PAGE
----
Angelina Jolie was the first openly queer woman to win or be nominated for an Oscar for acting when she won Best Supporting Actress for Girl Interrupted in 1999. Depending on how you read her character, she is also the first and only openly queer woman nominated for playing a queer or trans role. Only three out LGBTQ+ actors have been nominated for playing LGBTQ+ roles, the other two are Ian McKellan (Gods and Monsters, 1998) and Jaye Davidson (The Crying Game, 1992).
But that’s not all! The first openly-queer person to be nominated for acting was Nigel Hawthorne in 1995, though the specifics are contestable, as he was outed in the run-up to the ceremony so he technically wasn’t out at the time of the nomination. I’ve also mentioned McKellan (also nominated in 2002) and Davidson.
But none of these guys won, which I think makes Angelia Jolie the first openly queer person to win an Academy Award for acting.
Jolie dated Jenny Shimizu while they worked together on Foxfire in 1996, and never shied away from identifying as bisexual, telling Girlfriends in 1997 that “I probably would have married Jenny Shimizu if I hadn’t married my husband. I fell in love with her the first second I saw her.”
Jolie was nominated for Best Lead Actress for Changeling in 2008.
In 2003, Queen Latifah was nominated for Best Supporting Actress for Chicago. The degree to which Queen Latifah is out or not has been a consistent topic of heated debate in our community, but we can safely say she was not out at this time and that she is out now. This makes her the first eventually-out actress of color nominated for an Oscar.
In 2007, Elliot was nominated for Best Lead Actress for Juno. Page came out as gay in 2014, and then as a queer non-binary trans man in 2020. This makes him the first and only transgender Oscar nominee for acting, although nobody knew he was trans when he was nominated. Meanwhile, eight cisgender people have been nominated for playing transgender characters, two of whom won.
In 2018, openly bisexual actress/musician Lady Gaga was nominated for Lead Actress for A Star is Born. This makes her the second openly queer actor nominated for an Academy Award for acting. She didn’t win for acting, but she did win for Best Original Song.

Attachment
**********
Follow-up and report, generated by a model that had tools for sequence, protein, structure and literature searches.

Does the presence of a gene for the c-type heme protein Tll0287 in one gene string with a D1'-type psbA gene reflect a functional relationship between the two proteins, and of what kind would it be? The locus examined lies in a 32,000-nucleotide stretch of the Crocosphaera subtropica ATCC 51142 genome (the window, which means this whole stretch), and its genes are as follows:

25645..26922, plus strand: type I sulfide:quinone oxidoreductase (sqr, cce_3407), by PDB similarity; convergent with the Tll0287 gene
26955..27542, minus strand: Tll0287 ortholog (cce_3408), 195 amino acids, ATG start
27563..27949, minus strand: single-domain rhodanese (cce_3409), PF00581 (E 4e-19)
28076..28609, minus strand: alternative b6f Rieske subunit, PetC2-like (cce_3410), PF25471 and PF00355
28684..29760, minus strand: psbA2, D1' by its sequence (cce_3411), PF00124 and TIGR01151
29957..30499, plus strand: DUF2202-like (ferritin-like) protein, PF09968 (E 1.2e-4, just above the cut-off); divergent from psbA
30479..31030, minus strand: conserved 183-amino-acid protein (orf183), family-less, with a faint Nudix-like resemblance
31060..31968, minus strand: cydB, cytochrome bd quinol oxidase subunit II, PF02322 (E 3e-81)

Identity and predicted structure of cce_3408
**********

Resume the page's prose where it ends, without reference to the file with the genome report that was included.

The first openly queer woman to win Original Song was Melissa Etheridge in 2006.
In 2019, actress/singer/songwriter Cynthia Erivo was nominated for Best Lead Actress for Harriet. She came out in August 2021, telling The Standard, “I am queer… I have never felt like I necessarily needed to come out just because no-one really asked.” This makes Erivo is the first and only eventually-out queer woman of color nominated for Lead Actress.
In 2022, Ariana DeBose won Best Supporting Actress for West Side Story. This made her the first openly queer woman of color, and the second Afro-Latina, nominated for an acting Oscar, and the first openly queer woman of color to win an Oscar for Acting.
She is also the first Afro-Latina and the second Latina woman to win an Oscar for Acting, and she won it for the same role Rita Moreno won it for in 1962. (Some count Mercedes Ruehl amongst Latina winners because her Grandmother is Cuban, which would make Ariana the third winner.)
Stewart is the first female Lead Actress nominee to bring a woman she is openly in a relationship with as her date to the Academy Awards.
In total, this list of LGBTQ+- related acting nominees now contains:
- Four people who were openly queer at the time of their nomination for Lead or Supporting Actress (Ariana DeBose, Kristen Stewart, Angelina Jolie and Lady Gaga), of whom two won (Ariana DeBose and Angelina Jolie)
- Eight people who were not openly LGBTQ+ at the time of their nomination for Lead or Supporting Actress, but are now, one of whom was nominated four times (Jodie Foster).
- 20 straight cisgender women who were nominated for playing lesbian, queer, or bisexual roles, two of whom were nominated twice for doing so.
- Five cis men and one cis woman nominated for playing trans women and two cis women nominated for playing trans men
- 17 now-dead women who may have been LGBTQ+ according to historians but never personally identified that way themselves on the official record.